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I wrote this a couple of years ago. I hope it blesses you today…


My wife persuaded me to buy some new underwear recently.

When I got home, I opened the pack of seven briefs and noticed that each had, emblazoned around the elastic rim, large letters stitched in to spell a day of the week.


A few days later, being Tuesday, I wore the appropriate pair. Later in the afternoon, I was talking on the phone with a friend who had just finished a stint of night shifts. He was trying to work out which day it was. I told him, but he was convinced it was Wednesday. In hindsight, I think I should have said, ‘Look, I know it’s Tuesday because I’ve just checked my underpants. My briefs are an authority in this matter, so just believe them.’


And that got me thinking about the notion of truth, and on what authority we base the things we believe. For example, I base my Christian worldview on the words of the Bible, but how do we know the Bible’s got it right?


One argument is that we can experience the Bible to be true. We can find the wisdom the book encourages us to pray for; we can read the stories and stumble across a detail that speaks to us personally; we can meditate on the descriptions of God and discover the peace we have been searching for. However, those outside the faith may well claim that they have found inspiration through sources other than the Bible.

So, another argument is the historical authenticity of Jesus. Outside of the Bible, there are accounts of a man who did, ‘surprising deeds’ (Jewish Antiquities, Josephus) and many old portions of the Bible in their original Greek text still exist today.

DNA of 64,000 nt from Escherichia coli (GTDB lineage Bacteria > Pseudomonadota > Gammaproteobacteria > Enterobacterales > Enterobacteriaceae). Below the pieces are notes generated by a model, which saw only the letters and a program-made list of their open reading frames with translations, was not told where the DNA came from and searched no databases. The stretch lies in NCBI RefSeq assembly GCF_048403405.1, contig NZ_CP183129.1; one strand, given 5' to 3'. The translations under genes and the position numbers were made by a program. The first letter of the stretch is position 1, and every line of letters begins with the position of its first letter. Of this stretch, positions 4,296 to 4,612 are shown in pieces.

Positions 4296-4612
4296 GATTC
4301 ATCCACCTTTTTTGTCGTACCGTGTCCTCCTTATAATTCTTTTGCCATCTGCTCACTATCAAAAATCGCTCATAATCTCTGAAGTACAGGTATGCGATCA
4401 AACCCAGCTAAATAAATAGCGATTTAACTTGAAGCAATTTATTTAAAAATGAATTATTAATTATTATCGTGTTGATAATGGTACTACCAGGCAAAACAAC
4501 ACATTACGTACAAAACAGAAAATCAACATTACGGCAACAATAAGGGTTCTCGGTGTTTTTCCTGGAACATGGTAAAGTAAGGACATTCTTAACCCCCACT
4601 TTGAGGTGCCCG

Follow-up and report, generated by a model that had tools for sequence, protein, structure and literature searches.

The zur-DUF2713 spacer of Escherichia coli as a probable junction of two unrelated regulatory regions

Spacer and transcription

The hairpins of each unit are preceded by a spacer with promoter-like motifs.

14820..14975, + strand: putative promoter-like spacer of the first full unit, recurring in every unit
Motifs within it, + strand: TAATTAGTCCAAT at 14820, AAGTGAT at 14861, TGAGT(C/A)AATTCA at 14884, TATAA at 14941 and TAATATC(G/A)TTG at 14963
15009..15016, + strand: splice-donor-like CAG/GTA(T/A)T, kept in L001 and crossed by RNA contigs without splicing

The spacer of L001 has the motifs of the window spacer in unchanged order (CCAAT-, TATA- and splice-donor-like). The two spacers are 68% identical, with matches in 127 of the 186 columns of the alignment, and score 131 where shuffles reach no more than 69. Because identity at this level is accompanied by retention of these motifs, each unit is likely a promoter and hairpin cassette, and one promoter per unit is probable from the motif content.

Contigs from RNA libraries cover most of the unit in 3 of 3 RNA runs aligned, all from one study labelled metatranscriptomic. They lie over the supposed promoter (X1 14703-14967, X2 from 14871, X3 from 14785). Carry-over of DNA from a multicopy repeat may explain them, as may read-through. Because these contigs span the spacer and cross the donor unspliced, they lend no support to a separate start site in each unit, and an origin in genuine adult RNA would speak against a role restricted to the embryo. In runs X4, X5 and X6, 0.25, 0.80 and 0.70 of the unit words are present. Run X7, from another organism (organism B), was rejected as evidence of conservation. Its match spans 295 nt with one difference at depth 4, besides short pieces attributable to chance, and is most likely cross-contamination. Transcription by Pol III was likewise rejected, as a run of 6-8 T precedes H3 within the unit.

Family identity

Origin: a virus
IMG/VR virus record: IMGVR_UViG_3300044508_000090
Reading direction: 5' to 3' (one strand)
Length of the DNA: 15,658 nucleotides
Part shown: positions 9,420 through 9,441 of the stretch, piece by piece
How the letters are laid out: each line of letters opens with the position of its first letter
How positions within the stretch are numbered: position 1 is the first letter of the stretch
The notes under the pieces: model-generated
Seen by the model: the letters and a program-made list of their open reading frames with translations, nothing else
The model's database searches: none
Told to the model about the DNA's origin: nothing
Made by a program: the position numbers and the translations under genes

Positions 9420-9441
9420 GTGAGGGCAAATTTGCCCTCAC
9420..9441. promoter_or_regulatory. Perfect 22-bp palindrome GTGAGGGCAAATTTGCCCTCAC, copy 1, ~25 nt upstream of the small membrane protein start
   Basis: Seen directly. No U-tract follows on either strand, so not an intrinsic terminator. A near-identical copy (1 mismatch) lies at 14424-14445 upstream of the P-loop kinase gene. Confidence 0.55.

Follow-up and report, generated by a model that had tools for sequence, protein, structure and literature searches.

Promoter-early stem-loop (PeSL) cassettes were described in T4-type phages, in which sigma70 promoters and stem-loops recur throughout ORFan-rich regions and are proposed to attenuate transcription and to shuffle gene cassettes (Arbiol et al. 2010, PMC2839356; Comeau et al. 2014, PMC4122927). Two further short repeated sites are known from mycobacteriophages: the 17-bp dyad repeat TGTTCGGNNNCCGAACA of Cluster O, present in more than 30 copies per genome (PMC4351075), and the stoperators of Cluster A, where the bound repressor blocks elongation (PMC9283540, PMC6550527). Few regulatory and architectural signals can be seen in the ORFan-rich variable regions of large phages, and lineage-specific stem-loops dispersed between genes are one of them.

I think what nails it for me, though, is the extraordinary transformation of 11 men. Jesus’ 12 disciples (minus one) were in fear of their lives. Their mentor and rabbi had been brutally put to death by Roman soldiers and, as far as they knew, the powers-that-be were after them too. Locked in a room, afraid and out of sight, John’s gospel tells us that they suddenly saw Jesus and spoke with him. That was just the beginning.

Six weeks later they had an encounter with the Holy Spirit and, following that, they spent the rest of their lives telling the world that Jesus had returned to life. Most of them eventually and willingly died as a direct result of that belief.

What can cause such a turnaround and create such courage in once-fearful hearts? To me, the resurrection and the power of the Holy Spirit are the only things that make sense.

Large chunks of the Bible were written by those caught up in the middle of all this and they, along with Jesus himself, were happy to endorse the rest as ‘God-breathed’ (2 Tim 3: 16) – inspired by God.

So, on what do you base your beliefs? Be careful! If there is no solid foundation, they may be as flimsy as a pair of underpants!